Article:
Unfortunately, delegation is an undesirable side effect of the Purple Man’s abilities. All he has to do is to make anyone do it Any thing For him – rubbing his feet or declaring him king of their eternal God – is the question. He never had to get smarter or better, it shows.
5 The observer cannot be disturbed (what if…?)
The Watcher, Uatu to his friends, is an immortal giant with nearly unlimited knowledge. His insatiable mind makes him observe the different realities of diversity in the paranormal subjects. He appears sympathetic to the best and worst tragedies of the multiverse but always claims to have sworn not to interfere in human lives.
However, when Infinity Ultron brings the fight straight to Uatu in what if…? In the series, he immediately manipulates his superhero team into a confrontation with the unstoppable scrambled creature. In the process, he willingly changed the course of several timelines. This is ostensibly to protect the multiverse, but the fact that Ultron puts the observer in his sights is the catalyst for his actions.
4 The Thing Eternally Rides Reed Richards’ Coats (Fantastic Four)
Benjamin Grimm’s The Fantastic Four’s Lovin’ Thing doesn’t always get the respect he deserves. However, he tends to stick around the Baxter Building when the team isn’t always encountering or exploring another universe. even in different The Fantastic Four The cartoon, Red Richards was allowed to pay his bills out of guilt because a wealthy inventor trapped him in an inhuman body.
The Thing is a clever problem solver, allowing him to beat his already significant weight, and is legally one of Marvel’s first astronauts, showing that he has a vision and a mind. There’s even the fact that after his previous family died in a spaceship crash, he became Doctor Grimm, the universe’s version of Iron Man.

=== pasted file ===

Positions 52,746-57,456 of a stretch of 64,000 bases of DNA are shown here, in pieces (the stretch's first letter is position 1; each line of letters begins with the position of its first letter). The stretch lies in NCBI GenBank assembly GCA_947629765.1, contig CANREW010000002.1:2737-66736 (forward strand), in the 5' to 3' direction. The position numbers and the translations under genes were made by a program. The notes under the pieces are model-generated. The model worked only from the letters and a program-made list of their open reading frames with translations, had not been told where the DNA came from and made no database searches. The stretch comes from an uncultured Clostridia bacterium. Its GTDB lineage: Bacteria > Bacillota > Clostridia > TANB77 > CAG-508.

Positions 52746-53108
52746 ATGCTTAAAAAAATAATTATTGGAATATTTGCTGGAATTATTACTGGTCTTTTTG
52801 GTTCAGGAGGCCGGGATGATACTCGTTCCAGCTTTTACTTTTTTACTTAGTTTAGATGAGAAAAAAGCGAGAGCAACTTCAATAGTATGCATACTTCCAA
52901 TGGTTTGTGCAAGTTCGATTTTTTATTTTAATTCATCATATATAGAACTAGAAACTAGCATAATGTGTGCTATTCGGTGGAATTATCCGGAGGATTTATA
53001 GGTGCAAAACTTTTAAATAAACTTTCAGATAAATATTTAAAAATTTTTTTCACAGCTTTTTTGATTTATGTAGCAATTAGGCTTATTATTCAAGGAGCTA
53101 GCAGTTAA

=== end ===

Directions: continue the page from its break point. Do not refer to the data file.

3 Howard the Duck’s A Classic Underchiever (What If…?)
Director Steve Gerber’s Howard the Duck has been kicking around Marvel Comics since the 1970s. Howard was always a smart man, and he took training offers from just about everyone, from Gwenpool to Doctor Strange, but he always turned them down.
Howard’s relaxed attitude was on full display when he appeared on Disney + what if…? Star Lord T’challa helped. He had the collector’s base design preserved and was clearly a talented shooter but was distracted by Knowhere tape. Howard seemed to love his entertainment life on set.
2 Dad-Bod Spider-Man keeps trying to surrender (in spider verse)
In the verse of the spiderPeter B. Parker is a sharp guy, just like all the different Spider-Men. He invented his own web games, can memorize complex passwords at a glance, and he clearly knows his way around a superhero game. He even makes a powerful mentor to Miles Morales when the teenage hero needs one.
However, Peter is clearly exhausted from sacrificing himself for the good of the world. Part of this is the fear of failure, which arose after he lost his marriage to MJ due to his own fears, but this Spider-Man has clearly decided that his default position in life should be horizontal. Even when a dimensional wormhole opens up on his bed, he hardly thinks to investigate it before being sucked inside.
1 Future Ultron Resting On Its Own (The Coming Avengers)
The Coming Avengers The animated film assumes the existence of a world where Ultron destroyed the Avengers and humanity barely clings to existence. When a new generation of heroes rises up against him, they face traps laid by the Android overlord decades ago while constantly dodging Iron Avengers. However, Ultron himself is slow to respond to their challenge.
This Ultron promised to replace humanity with something better, but he spends most of his time filling his memorial rooms with artifacts from his greatest victories. Delegating security to his Iron Avengers may be somewhat effective, but Ultron can house infinite armored shells. When he interferes in the game late, it is his laziness that loses him the battle on the ground.